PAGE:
George Mason University

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Mason’s Joe Russell a Rhodes Scholarship finalist

November 13, 2017   /   by Damian Cristodero

Joe Russell

Joe Russell, a senior government and international politics major, is a finalist for a Rhodes Scholarship. He wants to be a civil- and voting-rights advocate or perhaps run for public office. Photo by Ron Aira.

Joe Russell said he is trying — really trying — to not think too much about the interview that could change his life.

Even so, his upcoming trip to San Francisco on Nov. 17-18, when the George Mason University senior will interview for a prestigious Rhodes Scholarship, is never far from his mind.

“It’s definitely weird to wrap my mind around it, and I’m trying not to think about the whole aura of Rhodes,” the government and international politics major said. “It doesn’t do me any good to freak myself out going into it.”

Rhodes Scholarships, first awarded in 1902, are the world’s oldest and most celebrated international fellowships, providing two years of study in England at one of Oxford University’s 30 colleges.

Former U.S. President Bill Clinton was a Rhodes scholar, as was New York Times columnist Nicholas Kristof, feminist and author Naomi Wolf, former NBA star and New Jersey Senator Bill Bradley, and astronomer Edwin Hubble, for whom the Hubble Space Telescope is named.

“It’d be crazy to be associated with folks like that,” Russell said.

Only 32 Rhodes Scholarships are awarded each year in the United States, two from each of 16 districts, out of about 2,500 applicants.

Each applicant must submit academic transcripts, a resume, a 1,000-word mission statement, and eight letters of recommendation from faculty members or administrators. George Mason President Ángel Cabrera submitted one for Russell.

As many as 20 applicants can be chosen in each district and interviewed by a Rhodes committee made up of former Rhodes scholars. Russell applied in District 15, which includes his home state of Arizona, Nevada, Northern California, and Hawaii. Winners could be announced as early as Nov. 18.

Mason’s last Rhodes finalist was sociology major Mona Singh in 2007, and the university has never had a Rhodes scholarship winner.

But Rich Rubenstein, a University Professor at Mason who has been the Rhodes representative on campus for 20 years, said Russell, a member of the Honors College and a University Scholar with a 3.95 GPA, is the most accomplished applicant to come out of Mason and “certainly has a fighting chance” to win.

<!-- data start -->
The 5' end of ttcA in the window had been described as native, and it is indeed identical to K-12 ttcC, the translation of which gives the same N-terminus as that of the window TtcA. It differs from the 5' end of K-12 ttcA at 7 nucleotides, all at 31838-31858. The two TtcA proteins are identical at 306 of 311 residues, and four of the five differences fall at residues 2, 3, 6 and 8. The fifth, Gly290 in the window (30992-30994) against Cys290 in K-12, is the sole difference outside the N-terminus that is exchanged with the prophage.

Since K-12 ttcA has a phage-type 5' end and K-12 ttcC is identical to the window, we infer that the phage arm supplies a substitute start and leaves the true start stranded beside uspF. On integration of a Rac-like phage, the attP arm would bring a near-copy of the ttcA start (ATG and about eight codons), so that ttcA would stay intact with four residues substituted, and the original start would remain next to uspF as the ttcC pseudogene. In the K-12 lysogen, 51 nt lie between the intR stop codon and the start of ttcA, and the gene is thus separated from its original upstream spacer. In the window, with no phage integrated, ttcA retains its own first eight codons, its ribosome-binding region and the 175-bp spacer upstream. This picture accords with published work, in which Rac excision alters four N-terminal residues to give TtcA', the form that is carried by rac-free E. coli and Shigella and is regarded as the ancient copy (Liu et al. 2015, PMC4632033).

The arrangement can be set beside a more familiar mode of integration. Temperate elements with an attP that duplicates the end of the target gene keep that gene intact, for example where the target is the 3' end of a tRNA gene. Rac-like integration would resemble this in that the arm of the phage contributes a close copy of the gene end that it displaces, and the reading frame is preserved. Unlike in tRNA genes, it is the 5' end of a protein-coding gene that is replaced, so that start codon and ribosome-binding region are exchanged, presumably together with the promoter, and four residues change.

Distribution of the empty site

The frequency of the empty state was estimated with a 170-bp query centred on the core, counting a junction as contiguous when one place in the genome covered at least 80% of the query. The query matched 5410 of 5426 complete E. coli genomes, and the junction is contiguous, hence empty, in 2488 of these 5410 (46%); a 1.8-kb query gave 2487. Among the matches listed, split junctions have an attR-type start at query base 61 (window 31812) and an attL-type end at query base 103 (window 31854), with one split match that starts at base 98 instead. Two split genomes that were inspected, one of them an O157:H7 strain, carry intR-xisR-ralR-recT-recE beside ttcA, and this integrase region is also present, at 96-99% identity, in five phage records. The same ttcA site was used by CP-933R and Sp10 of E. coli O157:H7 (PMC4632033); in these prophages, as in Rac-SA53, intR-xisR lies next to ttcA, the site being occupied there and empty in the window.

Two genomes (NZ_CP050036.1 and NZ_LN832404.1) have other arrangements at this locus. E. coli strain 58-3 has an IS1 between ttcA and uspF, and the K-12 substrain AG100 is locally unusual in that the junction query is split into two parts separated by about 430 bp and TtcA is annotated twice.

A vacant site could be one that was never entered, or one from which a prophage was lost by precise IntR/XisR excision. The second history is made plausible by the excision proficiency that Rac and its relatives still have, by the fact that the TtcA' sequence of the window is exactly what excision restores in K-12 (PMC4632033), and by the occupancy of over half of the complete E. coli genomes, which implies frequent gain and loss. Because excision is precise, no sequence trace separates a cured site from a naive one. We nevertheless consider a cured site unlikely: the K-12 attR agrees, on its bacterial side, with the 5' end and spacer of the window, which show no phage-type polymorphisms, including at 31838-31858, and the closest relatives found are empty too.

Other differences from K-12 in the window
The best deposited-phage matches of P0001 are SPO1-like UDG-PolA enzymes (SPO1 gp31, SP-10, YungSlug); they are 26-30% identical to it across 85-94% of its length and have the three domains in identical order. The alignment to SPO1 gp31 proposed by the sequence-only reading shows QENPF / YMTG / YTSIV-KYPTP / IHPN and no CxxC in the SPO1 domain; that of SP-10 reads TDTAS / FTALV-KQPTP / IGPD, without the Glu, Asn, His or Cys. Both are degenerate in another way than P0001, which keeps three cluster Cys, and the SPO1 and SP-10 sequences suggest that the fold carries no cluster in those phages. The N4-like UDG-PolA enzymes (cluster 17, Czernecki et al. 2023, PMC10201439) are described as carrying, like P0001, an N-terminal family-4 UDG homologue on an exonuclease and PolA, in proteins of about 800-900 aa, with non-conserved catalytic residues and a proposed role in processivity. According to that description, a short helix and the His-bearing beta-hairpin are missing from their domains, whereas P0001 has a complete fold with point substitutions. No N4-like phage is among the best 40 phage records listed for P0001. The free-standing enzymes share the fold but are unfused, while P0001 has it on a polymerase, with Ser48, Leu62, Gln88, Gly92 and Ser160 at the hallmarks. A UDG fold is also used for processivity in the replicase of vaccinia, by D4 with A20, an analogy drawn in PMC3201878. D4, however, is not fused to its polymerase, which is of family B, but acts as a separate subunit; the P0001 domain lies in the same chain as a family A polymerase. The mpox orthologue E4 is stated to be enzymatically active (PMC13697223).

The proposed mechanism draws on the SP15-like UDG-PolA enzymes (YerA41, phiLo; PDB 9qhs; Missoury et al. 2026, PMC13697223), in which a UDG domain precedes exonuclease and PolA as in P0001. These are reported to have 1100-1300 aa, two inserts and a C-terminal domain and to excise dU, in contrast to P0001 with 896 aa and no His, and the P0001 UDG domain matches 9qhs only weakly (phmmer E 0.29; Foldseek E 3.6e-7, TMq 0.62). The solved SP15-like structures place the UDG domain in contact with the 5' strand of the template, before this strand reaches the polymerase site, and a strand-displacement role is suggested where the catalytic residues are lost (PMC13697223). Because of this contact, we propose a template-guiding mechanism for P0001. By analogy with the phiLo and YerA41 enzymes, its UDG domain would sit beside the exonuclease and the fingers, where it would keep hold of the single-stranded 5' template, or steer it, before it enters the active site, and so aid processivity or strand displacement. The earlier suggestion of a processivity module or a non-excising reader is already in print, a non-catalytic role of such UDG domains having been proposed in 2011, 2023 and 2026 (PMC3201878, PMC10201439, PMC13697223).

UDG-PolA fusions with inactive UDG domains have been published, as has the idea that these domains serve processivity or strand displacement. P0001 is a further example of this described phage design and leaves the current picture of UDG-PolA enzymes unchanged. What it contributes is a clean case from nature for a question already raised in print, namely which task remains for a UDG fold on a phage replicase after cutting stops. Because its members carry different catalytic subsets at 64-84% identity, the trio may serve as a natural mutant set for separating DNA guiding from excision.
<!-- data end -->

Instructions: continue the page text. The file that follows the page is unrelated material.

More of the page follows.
“He’s as good as we’ve seen,” said Rubenstein, who is helping Russell prep for his interview. “You’re talking about extreme excellence on the academic side. But where the decisions often get made is with the applicant’s ability to be excellent in other areas. They want you to show excellence and passion in an area not necessarily the one you are good in as an academician.”

Russell, also a Truman Scholarship winner, took the fall 2016 semester off to work for the Arizona Democratic Party as a paid senior field organizer for Hillary Clinton’s presidential campaign.

He is president and a founding member of Mason’s Student Health Advisory Board, which serves as a liaison between students and campus administrators in determining student health care options on campus. He is political director of the campus chapter of the Roosevelt Institute, which focuses on policy writing and advocacy, and issue awareness campaigns.

He also managed this year’s re-election campaign of Virginia delegate David Bulova.

“Joe is one of the most humble, most giving and intelligent students I ever worked with,” said LaNitra Berger, director of the Office of Fellowships in the Honors College. “He has done magnificent work here to improve the quality of life.”

Russell’s long-term plans include law school, with immigrant rights his main concentration, and perhaps a run for office in his native Arizona.

A Rhodes scholarship would help those plans, he said, not only because of the ability to study the political changes in England, and how those changes might predict what happens in the United States, but because of the networking opportunities.

“Just having that little extra pedigree can get me in a door and put me in a position where I can really make a difference,” Russell said. “That would be incredible.”